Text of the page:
University of Pennsylvania Health System

Penn Health and Wellness

Thursday, December 12, 2013

I Got the Flu Vaccine. Now I Have the Flu.

Alicia Travis, CRNP, from the Penn Adolescent and Young Adult Medicine practice discusses some known – and not-so-known – drawbacks to flu season.

Alicia Travis, CRNP
Alicia Travis, CRNP
As is required for all health care workers, I got my flu vaccine in October and figured this would protect me throughout this flu season. As I am writing this, though, I am under my heated blanket with a cup of green tea in one hand and a box of tissues in the other. My throat is sore, my nose is dripping, my temperature is 100.8° F, I have a deep chest cough, and worst of all, my body aches all over.

I have the flu and I am miserable!

The reality is that influenza is an ever-changing virus with several common strains that can cause an array of troublesome symptoms. These symptoms include fever, cough, congestion, sore throat, body aches, fatigue, headache, nausea, vomiting and generalized malaise. In immunocompromised patients, or people whose immune system is not capable of resisting the infection, influenza can be a much more severe, even fatal, illness. It is for this reason that every fall, your doctor and/or nurse recommends you get that pesky needle pinch (or inconvenient intranasal spray) to be protected.

Unfortunately, like most things in life, the flu vaccine is not 100% effective. When vaccine researchers formulate the components of the vaccine, they are speculating months in advance as to which strains will be dominant that year. Therefore, the effectiveness of the flu vaccine can vary year to year based on viral resistance patterns and the accuracy of vaccine researchers’ predictions.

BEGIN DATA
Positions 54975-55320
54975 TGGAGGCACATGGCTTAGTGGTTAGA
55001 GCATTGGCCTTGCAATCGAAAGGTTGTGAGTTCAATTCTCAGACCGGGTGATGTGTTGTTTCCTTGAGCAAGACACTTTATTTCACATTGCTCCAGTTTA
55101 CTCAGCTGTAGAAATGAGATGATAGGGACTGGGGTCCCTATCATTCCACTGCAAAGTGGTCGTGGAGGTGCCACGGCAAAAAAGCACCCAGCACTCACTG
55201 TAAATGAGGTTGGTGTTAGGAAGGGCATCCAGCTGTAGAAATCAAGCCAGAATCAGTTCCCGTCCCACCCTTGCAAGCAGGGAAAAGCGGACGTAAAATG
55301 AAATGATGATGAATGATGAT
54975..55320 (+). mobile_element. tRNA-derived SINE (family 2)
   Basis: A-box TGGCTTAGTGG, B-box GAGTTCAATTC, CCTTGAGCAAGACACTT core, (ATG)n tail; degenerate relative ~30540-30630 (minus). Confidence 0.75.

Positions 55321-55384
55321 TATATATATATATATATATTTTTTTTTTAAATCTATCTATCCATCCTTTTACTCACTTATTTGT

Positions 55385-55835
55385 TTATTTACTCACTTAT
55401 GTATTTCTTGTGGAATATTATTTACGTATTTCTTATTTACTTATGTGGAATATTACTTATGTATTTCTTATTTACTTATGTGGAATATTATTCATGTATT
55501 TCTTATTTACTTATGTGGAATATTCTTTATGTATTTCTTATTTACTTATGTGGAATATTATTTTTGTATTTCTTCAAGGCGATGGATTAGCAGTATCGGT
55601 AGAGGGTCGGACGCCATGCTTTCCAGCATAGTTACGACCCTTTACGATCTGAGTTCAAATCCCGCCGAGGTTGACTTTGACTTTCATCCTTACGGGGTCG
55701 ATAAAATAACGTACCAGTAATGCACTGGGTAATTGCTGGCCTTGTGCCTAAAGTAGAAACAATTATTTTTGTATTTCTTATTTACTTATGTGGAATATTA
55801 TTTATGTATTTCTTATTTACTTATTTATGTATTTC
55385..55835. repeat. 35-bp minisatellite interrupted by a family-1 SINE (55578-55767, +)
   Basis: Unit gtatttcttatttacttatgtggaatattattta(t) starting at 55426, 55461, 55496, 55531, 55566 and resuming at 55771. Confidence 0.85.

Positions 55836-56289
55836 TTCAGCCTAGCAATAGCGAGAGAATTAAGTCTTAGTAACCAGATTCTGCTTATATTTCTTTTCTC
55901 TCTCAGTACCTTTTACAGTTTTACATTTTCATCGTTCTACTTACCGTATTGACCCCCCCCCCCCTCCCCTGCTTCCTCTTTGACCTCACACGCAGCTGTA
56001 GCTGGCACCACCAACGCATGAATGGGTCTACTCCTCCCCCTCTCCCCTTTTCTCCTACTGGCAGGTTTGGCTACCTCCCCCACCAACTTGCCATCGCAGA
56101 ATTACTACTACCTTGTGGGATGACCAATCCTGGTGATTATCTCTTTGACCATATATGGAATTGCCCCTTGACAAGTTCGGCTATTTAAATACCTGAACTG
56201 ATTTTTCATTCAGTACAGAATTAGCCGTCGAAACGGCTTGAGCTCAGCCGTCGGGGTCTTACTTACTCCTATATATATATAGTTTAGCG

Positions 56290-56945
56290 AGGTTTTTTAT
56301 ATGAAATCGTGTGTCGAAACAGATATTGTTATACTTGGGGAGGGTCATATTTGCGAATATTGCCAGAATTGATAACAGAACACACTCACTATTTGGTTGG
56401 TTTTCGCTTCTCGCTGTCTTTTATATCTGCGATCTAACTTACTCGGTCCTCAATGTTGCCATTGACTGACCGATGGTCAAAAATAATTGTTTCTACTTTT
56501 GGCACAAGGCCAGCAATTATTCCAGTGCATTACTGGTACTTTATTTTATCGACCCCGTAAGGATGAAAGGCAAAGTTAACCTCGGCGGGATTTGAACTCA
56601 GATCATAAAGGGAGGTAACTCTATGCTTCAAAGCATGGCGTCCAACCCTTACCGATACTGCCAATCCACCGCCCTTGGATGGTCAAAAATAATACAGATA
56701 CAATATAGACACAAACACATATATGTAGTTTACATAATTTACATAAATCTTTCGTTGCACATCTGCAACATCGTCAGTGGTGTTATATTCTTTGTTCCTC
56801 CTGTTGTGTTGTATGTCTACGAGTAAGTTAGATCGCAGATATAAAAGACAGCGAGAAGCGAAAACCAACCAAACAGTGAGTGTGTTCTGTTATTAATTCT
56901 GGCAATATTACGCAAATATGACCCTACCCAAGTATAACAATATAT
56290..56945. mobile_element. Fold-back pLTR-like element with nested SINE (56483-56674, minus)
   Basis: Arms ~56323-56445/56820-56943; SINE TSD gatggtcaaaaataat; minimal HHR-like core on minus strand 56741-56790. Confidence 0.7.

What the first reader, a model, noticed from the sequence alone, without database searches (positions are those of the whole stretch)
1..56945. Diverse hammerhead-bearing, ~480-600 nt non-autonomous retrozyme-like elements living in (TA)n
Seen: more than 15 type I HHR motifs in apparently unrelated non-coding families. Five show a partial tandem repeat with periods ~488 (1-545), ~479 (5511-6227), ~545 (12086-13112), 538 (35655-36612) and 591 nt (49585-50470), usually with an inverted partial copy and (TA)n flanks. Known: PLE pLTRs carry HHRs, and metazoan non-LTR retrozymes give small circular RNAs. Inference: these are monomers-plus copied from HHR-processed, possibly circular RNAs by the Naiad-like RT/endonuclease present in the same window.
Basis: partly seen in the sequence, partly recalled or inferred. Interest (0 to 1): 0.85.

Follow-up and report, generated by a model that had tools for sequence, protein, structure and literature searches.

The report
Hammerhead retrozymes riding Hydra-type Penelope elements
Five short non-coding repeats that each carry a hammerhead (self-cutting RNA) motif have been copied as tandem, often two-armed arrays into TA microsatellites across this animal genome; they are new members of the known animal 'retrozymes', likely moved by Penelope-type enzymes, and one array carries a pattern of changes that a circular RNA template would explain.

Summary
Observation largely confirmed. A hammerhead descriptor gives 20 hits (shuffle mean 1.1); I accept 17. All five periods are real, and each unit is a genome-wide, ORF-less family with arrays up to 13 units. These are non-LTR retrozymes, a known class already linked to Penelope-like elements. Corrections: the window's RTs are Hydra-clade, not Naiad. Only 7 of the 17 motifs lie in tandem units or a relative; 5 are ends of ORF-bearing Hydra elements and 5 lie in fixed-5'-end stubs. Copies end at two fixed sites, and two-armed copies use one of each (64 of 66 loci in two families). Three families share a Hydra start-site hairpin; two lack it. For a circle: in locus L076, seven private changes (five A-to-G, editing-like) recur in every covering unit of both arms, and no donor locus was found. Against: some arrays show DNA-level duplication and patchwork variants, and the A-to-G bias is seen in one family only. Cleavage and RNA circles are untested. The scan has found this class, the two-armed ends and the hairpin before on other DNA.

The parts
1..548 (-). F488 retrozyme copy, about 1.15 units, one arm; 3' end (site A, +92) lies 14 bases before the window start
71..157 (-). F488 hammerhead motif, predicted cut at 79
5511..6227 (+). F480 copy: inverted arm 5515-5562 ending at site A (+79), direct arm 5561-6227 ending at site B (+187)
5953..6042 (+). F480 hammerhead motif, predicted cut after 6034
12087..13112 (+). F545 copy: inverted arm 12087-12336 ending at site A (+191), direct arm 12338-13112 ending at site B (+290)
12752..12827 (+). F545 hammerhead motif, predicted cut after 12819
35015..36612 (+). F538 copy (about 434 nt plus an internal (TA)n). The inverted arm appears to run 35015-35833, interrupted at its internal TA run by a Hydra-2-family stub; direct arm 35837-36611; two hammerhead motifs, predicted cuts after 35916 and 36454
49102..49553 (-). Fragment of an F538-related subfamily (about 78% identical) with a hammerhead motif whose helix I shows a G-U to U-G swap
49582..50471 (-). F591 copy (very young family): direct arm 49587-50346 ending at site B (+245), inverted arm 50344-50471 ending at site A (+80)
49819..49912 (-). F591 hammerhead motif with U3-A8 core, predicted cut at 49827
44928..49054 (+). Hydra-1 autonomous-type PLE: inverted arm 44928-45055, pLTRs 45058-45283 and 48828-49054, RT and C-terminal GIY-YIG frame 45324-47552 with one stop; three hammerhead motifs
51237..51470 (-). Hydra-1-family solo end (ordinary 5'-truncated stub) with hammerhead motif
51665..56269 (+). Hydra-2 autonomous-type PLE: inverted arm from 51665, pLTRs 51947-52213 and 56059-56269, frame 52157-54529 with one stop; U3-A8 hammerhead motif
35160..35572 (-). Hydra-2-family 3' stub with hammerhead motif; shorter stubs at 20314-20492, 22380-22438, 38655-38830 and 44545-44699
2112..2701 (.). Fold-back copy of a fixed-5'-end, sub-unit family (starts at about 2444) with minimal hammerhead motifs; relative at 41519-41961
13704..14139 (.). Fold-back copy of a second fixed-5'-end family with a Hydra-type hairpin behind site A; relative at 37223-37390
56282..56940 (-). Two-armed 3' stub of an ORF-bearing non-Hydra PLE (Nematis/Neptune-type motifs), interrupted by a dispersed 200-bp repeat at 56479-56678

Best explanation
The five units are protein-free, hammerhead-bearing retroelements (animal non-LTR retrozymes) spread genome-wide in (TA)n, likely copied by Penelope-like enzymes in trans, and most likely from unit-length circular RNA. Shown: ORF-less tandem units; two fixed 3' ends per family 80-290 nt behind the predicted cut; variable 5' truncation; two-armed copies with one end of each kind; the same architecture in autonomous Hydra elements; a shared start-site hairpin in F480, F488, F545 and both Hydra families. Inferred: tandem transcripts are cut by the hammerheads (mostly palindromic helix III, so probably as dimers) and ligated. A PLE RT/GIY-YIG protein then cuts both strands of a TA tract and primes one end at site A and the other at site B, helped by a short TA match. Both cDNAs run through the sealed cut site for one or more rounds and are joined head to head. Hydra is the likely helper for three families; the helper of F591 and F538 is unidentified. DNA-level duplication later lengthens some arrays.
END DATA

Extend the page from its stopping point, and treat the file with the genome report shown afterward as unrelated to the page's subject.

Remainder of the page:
According to an article published by the Center for Disease Control, researchers approximate the flu vaccine is around 60% effective most years. Meaning, this leaves me, and roughly 40% of the vaccinated population, at risk of contracting influenza despite getting the vaccine. That may seem like unfavorable odds, but 60% is better than nothing.

To put this in perspective, as a nurse practitioner in a busy adolescent and young adult practice, I have seen upwards of 100 patients in the past couple months with flu-like symptoms. Influenza is very contagious and, if I had not received the vaccine, I would have certainly been at a higher risk of contracting influenza.

The key to staying flu-free is to wash your hands frequently, stay away from anyone who has flu-like symptoms, stay well rested and get your flu vaccine.

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